Director: Roman Polanski
Screenwriters: Roman Polanski and Yasmina Reza based on her play God of Carnage - translated by Michael Katims
John C. Reilly
Runtime: 80 mins.
Australian release date: 1 March 2012
Carnage, directed by Roman Polanski and based on Yasmina Reza’s play God of Carnage, is a biting satire that takes no prisoners. In a Brooklyn apartment, two couples meet to discuss how to deal with their sons who were involved in a fight in a local playground. What was hoped to be a cordial meeting turns into the afternoon from hell.
Mixing themes reminiscent of Luis Bunuel’s film Exterminating Angel (1962) and Edward Albee’s play Who’s Afraid of Virginia Woolf? (1962), Polanski takes us on an 80 minute journey where we almost feel as the parents do, psychologically, but not physically, trapped in the same room.
With stunning performances by both couples, it is difficult to take sides with either as the drama unfolds and their carefully maintained veneers of middle-class respectability start to peel away. A rather brittle Nancy Cowan (Kate Winslet) and her mobile phone-obsessed husband, Alan (Christoph Walz), are invited to smooth over the issue at their son’s ‘victim’s’ home and meet the parents, a rather prim, but bottled up Penelope Longstreet (Jodie Foster) and her garrulous, working-class husband, Michael (John C. Reilly).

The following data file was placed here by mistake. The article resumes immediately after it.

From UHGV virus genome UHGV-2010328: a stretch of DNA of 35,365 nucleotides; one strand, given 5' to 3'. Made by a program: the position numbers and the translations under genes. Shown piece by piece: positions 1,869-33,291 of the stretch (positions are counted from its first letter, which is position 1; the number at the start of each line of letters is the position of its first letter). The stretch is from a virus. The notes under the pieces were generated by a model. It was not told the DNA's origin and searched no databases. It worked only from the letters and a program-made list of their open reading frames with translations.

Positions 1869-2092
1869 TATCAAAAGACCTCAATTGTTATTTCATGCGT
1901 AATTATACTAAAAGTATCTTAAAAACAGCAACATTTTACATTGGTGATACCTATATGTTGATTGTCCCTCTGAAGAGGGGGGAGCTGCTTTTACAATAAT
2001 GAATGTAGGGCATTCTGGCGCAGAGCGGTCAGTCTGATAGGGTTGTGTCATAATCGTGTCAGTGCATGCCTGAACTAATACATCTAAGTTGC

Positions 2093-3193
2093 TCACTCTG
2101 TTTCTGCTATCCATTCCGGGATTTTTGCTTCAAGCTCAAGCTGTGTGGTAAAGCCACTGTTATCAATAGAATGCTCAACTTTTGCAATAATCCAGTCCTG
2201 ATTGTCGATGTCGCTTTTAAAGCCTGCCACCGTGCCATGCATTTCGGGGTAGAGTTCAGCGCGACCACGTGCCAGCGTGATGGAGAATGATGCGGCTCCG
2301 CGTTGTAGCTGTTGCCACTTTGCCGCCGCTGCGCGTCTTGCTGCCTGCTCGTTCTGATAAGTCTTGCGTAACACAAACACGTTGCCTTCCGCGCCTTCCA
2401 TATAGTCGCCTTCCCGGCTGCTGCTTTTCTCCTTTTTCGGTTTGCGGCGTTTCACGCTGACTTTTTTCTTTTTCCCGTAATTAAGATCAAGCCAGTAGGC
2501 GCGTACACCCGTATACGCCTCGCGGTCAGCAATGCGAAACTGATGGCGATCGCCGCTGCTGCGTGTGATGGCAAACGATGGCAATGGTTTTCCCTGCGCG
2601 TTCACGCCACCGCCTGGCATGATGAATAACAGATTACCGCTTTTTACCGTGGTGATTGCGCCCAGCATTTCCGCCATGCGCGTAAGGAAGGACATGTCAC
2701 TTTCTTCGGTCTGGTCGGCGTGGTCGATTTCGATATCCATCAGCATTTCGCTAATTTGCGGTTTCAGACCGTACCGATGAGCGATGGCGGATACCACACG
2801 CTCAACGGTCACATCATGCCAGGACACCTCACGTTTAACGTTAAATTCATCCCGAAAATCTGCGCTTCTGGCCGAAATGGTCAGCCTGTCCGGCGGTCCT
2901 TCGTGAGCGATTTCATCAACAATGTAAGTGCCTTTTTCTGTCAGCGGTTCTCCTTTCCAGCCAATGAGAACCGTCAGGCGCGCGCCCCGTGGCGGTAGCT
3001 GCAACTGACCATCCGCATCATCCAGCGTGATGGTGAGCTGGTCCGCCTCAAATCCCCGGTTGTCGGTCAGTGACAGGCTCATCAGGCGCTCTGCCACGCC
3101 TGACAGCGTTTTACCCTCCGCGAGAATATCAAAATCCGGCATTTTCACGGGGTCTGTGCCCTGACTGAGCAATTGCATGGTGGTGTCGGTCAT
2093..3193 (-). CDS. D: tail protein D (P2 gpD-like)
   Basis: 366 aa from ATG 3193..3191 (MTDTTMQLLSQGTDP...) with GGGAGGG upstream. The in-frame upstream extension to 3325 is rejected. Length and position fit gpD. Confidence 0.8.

All four actors have fine careers to their credit, but it is this film which really shows how damn good they really are. As the couples turn against each other and wives turn against their husbands and vice versa, it starts to get incredibly bitchy and at times hilarious. At no time do you feel that you are watching a play due to Polanski’s sparkling direction and Pawel Edelman’s excellent cinematography (Edelman worked with Polanski on The Pianist in 2002 and The Ghost Writer in 2010).
Carnage is a fine script. Its somewhat abrupt ending makes an even greater mockery of the parents’ anxiety and comes thoroughly recommended, especially if you are looking for a good drama which is soaked in acerbic wit.